Our organizations have outlined the full extent of our concerns in submissions we sent you in February 2011 (see for example "Commentaires sur l'avant-projet de loi"). We wish to reiterate some of these concerns below.

First, we believe that the draft bill should clarify that the specialized chambers operate under a specialized jurisdiction in accordance with article 149 of the Congolese constitution (with separate sections located in various appeals courts). This is to guarantee the chambers' independence by removing them from the normal hierarchy of the ordinary courts. Creating a specialized jurisdiction would help to insulate the institution from perceived and actual potential political interference. In addition, creating a specialized jurisdiction with one registrar, president and prosecutor will help ensure consistent policies and approaches between the different chambers.

Second, as you correctly noted in your statement before the UN Human Rights Council, the draft bill allows for the participation of international judges and experts in the various aspects of the mandate of the specialized chambers. However, we believe that the temporary presence of international staff should be made automatic, both to build the capacity of Congolese nationals to try complex criminal cases and to help shield the institution from potential political interference. Most notably, we believe the draft legislation should be amended to guarantee the presence of international judges on the bench at first instance and on appeal. International staff members could be phased out over time, as was done in the Bosnian War Crimes Chamber. A nomination process that guarantees the independence and best qualifications of these international staff (which should include experience in investigating and trying international crimes, knowledge of civil law and the French language and commitment to work with national colleagues to pass on their expertise) should also be devised.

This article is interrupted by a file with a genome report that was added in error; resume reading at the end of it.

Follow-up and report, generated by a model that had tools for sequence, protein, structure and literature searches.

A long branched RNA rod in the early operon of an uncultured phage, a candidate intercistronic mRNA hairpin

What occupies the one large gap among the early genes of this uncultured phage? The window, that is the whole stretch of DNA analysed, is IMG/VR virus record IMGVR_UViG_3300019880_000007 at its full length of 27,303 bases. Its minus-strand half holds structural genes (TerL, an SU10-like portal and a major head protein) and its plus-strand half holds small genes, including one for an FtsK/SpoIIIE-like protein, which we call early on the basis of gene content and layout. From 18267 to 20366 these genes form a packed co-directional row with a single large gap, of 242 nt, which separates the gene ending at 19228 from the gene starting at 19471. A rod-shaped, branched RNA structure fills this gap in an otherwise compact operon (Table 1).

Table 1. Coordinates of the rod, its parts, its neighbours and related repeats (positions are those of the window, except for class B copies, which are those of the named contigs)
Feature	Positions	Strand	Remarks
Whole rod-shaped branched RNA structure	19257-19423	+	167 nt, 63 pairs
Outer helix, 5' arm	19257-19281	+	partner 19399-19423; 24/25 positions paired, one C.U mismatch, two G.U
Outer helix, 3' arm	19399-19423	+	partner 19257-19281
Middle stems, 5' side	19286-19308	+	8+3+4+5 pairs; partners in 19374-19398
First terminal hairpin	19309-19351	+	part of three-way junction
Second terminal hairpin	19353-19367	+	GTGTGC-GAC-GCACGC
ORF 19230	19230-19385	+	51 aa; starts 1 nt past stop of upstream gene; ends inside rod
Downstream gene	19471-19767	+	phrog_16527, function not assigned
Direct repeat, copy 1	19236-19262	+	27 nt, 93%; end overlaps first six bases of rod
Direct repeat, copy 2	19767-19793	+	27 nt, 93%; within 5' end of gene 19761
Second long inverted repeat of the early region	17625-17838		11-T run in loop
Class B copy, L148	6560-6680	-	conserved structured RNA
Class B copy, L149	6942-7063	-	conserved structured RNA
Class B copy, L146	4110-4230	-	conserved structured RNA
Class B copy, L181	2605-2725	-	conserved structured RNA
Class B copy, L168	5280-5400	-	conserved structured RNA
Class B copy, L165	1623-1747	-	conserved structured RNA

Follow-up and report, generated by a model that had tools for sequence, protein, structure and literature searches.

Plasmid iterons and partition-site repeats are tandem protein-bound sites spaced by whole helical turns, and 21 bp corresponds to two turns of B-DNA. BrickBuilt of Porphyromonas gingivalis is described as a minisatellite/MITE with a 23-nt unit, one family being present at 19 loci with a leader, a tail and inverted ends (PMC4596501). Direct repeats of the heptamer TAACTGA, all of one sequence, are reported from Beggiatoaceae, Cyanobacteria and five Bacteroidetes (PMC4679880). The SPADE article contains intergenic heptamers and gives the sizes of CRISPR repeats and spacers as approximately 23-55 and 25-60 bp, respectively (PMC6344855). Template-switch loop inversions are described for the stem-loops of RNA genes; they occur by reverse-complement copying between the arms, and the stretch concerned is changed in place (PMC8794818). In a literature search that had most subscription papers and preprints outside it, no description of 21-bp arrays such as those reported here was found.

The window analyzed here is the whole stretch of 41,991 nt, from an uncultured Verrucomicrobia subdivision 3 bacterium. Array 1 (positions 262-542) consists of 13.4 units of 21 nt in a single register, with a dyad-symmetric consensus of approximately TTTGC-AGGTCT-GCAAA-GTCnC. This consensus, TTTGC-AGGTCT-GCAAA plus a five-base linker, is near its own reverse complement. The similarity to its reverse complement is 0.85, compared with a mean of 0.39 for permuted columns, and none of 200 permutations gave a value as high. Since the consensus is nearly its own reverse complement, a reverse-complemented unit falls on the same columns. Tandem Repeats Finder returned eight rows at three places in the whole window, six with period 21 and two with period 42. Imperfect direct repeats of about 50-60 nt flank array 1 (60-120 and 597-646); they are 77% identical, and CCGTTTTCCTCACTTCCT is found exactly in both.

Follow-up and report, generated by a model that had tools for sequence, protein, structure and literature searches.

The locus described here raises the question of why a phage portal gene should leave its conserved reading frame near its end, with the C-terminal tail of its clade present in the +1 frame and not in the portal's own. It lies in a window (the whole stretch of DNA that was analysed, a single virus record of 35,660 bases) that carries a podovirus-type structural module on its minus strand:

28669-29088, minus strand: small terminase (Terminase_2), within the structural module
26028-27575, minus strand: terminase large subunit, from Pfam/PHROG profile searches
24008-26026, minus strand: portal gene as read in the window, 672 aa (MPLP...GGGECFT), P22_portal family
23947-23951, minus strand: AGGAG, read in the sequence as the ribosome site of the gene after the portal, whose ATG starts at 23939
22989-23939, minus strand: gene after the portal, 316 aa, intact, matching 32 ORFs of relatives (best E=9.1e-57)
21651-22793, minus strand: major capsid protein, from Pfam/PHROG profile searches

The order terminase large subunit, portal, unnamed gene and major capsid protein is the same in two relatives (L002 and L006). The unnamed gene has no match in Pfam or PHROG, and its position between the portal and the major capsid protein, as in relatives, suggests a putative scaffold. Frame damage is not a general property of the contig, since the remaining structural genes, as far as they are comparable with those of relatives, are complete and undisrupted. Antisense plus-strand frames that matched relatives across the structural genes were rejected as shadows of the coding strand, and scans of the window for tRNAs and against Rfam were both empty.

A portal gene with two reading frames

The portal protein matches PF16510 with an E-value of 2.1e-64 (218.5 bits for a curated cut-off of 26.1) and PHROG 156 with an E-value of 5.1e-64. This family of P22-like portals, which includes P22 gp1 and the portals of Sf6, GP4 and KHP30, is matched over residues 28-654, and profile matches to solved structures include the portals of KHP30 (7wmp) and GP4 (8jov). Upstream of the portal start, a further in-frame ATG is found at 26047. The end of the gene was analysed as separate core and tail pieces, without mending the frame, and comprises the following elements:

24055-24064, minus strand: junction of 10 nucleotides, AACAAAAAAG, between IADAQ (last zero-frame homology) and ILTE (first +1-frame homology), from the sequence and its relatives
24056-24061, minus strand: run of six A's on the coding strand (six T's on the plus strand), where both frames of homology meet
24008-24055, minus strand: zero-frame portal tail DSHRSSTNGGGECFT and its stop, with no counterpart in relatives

Third, we believe the draft legislation should be amended to vest the chambers with primary, rather than exclusive, jurisdiction to try international crimes. As a practical matter, the chambers will not be able to try all allegations of war crimes, crimes against humanity and genocide, which means that the ordinary civilian courts will have to step in so as to avoid an impunity gap for these crimes. The draft legislation implicitly recognizes this reality, but rather than developing a strategy to share cases, it allows for the offences to be reclassified as ordinary crimes to allow civilian courts to assume jurisdiction.

Finally, improvements are needed in the last portion of the draft bill, which deals with procedural aspects, including with regards to the rights of the defense (where representation by a lawyer must be guaranteed in light of the gravity of the crimes), witness and victims protection (where we suggest the creation of a protection unit managed by the registry) and victims' participation in the trials.